The spinning continues, and its going even better today than yesterday. I spent part of this morning perusing the Beginning Spinning Group on Ravelry, and learned quite a bit. Using my new found knowledge I split my huge ball of roving into two smaller ones and this has made spinning it quite a bit easier. I’m also getting somewhat more consistent results, though the thickness still varies quite a bit. But I think the project is going very well, and as an added bonus, spinning doesn’t seem to bother my wrist. I’ve spent a couple hours this afternoon spinning with no pain at all, where as spending this much time knitting, crocheting, or typing on a computer without a break frequently causes pain in my right wrist or hand. Overall, I am really enjoying spinning and feel immensely proud of my little bit of yarn, as I’m sure Robert could tell you since I keep showing it off to him.
Monthly Archives: March 2010
My energy law professors is rather eccentric. He doesn’t like people to take notes during class and the final is whatever you want it to be. Seriously, whatever you want it to be from writing a paper to drawing a comic book. He gives no guidance but encourages students to incorporate something that they’re interested in or good at. Well clearly for me that means there has to be knitting involved!
I’ve been rather intrigued by our discussions that involve how much oil goes into making something. For example, it takes a gallon of oil to make a gallon of corn based ethanol. With all my knitting and sewing I’ve been thinking how much oil goes into making the clothes we wear? Is making your own clothes an alternative that would use less energy?
As a little experiment I’ve decided to make an item that uses as little energy as possible to make. I’m doing this mostly by cutting out all the middle men and trans ocean journeys usually involved. I bought some wool roving from Contented Butterfly Farm in Vermont on etsy that’s from a sheep names Sage. I plan to spin it, knit it, and do some math to see how much energy I used in this process compared to an item of conventional clothing. Of course this requires me to spin, something I’m not really experienced in. However, after a half hour of spinning this morning, I took the picture above and I think its going quite well. It’s at least not as thick and rope like as my first attempt at spinning.
Also, for an idea of what goes into an item of conventional clothing check out Patagonia’s Footprint Chronicles. It tracks the average journey of some of the items they make. I find it fascinating, this is a company that actually makes an effort to be environmentally responsible but a huge amount of resources still goes into every item of new clothing they make.
Just in time for what is suppose to be a beautiful spring weekend I have a cute new top to wear. The pattern is McCalls 5388, which I really liked. The instructions were clear and the top went together pretty easily. It just took me forever because I kept running out of stuff that I needed, like thread and elastic, and had to do a couple trips to Joanns before I was done. The top is quite long. Its tunic length, that kinda weird length that some people try to wear as a dress even though they really should wear pants.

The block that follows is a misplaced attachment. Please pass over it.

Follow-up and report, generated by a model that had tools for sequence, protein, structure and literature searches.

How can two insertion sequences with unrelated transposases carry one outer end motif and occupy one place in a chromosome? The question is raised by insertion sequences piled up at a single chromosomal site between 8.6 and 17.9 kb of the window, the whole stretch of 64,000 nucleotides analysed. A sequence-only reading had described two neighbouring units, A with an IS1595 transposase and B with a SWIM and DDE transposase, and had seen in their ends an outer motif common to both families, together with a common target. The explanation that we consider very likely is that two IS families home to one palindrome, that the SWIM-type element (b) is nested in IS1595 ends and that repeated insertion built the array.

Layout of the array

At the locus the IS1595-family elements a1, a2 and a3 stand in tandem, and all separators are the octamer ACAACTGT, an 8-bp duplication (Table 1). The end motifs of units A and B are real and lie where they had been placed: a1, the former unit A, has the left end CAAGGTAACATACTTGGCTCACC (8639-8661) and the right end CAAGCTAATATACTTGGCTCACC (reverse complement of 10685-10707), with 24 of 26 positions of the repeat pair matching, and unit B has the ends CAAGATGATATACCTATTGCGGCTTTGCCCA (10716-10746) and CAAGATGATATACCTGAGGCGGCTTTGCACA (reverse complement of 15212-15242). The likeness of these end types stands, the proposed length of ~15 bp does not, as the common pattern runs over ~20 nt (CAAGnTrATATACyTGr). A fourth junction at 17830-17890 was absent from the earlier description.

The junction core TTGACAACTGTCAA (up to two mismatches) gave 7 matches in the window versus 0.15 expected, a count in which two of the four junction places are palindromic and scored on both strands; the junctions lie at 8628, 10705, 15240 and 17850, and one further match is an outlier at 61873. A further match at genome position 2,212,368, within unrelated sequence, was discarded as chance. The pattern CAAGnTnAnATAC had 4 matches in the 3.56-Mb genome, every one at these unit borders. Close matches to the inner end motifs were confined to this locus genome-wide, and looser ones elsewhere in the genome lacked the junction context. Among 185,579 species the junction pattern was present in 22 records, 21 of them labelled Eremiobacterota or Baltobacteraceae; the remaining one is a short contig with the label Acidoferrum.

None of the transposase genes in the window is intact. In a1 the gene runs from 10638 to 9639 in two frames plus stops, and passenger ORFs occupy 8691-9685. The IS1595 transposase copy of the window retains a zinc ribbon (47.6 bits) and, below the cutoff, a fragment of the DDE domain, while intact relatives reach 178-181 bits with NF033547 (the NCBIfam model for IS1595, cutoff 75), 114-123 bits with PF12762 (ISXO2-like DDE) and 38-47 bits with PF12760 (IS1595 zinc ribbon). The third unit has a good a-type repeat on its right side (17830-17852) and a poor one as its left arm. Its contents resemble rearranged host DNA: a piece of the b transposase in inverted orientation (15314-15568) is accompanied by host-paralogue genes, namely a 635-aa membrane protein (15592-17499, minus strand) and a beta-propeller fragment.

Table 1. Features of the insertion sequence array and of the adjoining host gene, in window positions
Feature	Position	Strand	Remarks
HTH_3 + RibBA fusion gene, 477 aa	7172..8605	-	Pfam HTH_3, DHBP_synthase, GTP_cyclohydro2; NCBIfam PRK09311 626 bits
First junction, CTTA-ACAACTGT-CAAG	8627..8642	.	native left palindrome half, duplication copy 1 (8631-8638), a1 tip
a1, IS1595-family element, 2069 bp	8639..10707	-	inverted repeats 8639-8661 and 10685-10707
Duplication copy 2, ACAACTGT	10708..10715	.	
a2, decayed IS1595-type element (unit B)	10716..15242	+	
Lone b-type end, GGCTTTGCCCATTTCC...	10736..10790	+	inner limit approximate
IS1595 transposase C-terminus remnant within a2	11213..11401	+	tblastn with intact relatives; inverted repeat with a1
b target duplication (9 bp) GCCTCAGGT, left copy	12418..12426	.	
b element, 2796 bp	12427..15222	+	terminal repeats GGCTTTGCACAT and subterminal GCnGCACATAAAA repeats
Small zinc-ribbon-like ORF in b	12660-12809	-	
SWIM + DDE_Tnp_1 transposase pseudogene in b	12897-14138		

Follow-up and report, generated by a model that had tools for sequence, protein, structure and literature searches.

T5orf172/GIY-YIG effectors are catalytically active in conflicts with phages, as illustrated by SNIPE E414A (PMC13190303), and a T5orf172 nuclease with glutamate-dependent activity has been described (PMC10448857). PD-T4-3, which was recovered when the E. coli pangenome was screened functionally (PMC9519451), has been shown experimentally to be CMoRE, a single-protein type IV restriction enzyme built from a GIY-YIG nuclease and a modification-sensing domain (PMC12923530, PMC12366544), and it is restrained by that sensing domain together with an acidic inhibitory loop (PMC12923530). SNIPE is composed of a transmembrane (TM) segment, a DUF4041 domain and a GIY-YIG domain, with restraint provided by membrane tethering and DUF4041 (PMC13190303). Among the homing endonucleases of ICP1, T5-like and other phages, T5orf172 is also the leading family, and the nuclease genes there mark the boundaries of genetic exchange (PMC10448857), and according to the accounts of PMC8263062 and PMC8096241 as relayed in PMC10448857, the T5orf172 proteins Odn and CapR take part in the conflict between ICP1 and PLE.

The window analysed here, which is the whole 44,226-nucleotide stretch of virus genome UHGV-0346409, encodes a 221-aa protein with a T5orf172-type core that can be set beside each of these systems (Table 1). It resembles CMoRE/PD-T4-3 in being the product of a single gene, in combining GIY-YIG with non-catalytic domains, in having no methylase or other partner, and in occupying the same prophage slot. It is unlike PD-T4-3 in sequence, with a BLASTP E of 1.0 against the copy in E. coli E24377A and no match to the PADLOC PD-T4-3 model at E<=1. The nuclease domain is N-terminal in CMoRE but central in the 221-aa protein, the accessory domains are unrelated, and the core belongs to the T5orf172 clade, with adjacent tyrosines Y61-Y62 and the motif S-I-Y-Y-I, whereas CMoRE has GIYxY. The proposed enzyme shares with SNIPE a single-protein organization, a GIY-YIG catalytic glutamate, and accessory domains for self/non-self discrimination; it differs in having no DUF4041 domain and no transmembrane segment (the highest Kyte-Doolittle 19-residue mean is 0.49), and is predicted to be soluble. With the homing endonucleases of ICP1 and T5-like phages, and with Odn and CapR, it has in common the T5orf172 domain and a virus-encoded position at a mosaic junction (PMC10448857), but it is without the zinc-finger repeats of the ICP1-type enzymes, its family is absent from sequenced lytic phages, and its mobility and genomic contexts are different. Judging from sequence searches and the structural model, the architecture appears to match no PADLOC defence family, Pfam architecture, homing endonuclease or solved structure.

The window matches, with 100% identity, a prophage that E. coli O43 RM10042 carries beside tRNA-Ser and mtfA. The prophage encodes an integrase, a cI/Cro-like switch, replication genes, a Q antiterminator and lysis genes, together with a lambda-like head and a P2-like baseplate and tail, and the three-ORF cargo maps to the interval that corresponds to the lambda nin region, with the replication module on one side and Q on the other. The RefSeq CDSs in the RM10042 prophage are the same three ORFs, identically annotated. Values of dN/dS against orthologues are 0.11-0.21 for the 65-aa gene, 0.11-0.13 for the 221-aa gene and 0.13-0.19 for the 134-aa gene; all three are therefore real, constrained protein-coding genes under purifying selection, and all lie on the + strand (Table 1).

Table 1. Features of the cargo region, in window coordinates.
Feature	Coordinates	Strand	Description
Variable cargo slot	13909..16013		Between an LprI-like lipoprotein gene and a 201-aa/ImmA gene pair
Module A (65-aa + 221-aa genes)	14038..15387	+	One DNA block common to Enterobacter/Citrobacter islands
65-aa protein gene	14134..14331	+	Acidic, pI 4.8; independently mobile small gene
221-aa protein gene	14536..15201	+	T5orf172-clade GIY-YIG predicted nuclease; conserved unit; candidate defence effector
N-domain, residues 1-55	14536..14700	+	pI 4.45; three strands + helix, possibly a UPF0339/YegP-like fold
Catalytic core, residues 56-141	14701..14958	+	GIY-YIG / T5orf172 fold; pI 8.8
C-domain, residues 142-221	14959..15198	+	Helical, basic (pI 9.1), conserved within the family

I’m debating making another one of these tops using some green seersucker I got from fabric.com, or I may make one of the other variations included with the pattern. If I do I’ll probably make it a couple inches shorter and possibly bring in the neckline a tad since sometimes my bra strap showed. But overall I am very pleased and hopefully I’ll get to wear it out this weekend.
This is a French seam. Isn’t it just perfect? It’s pretty and neat and shows no raw edges, and thus no fraying of the fabric. This is my first time doing French seams and I am now quite enamored because in addition to all those great features just mentioned its also super easy. It’s basically just 2 seams. The second one in-cases the first so that the raw edge doesn’t show. I would explain more how this is done, but there are tons of great tutorials out there already.
Has anyone else seen the Wardrobe Refashion? No, its not a spin off of Project Runway. Its a website where a people have pledged to not buy new clothes for a certain period of time, ranging from 2 month to life. They’ll either make their own or buy used in order to escape the clutches of the fashion industry. I am quite intrigued by this concept, but I don’t think I currently have the time to make this sort of commitment. It does inspire me to try and make more of my own clothes, as evident by the mini shopping spree I did on fabric.com recently…
I loved the cute little blue flowers on this fabric and think it will make a perfect summer top. (Oh summer, how I miss you…) The flowers are hard to see in this picture but I assure you they are super cute. I’m thinking the short sleeved option for McCalls 5388 will be adorable. This may be what I do tomorrow with first day of my spring break. Though it looks like I’d have to get elastic for the sleeves, but that’s a problem easily remedied.
My other potential spring break sewing project is making this green vine fabric into a skirt.
But the problem here is that I can’t decide what kind of skirt I want to make. I’m up in the air if I want to use the tutorial for a full gathered skirt from Gertie’s New Blog for Better Sewing (One of my favorite sewing blogs) or make a simple wrap skirt. Decisions, decisions.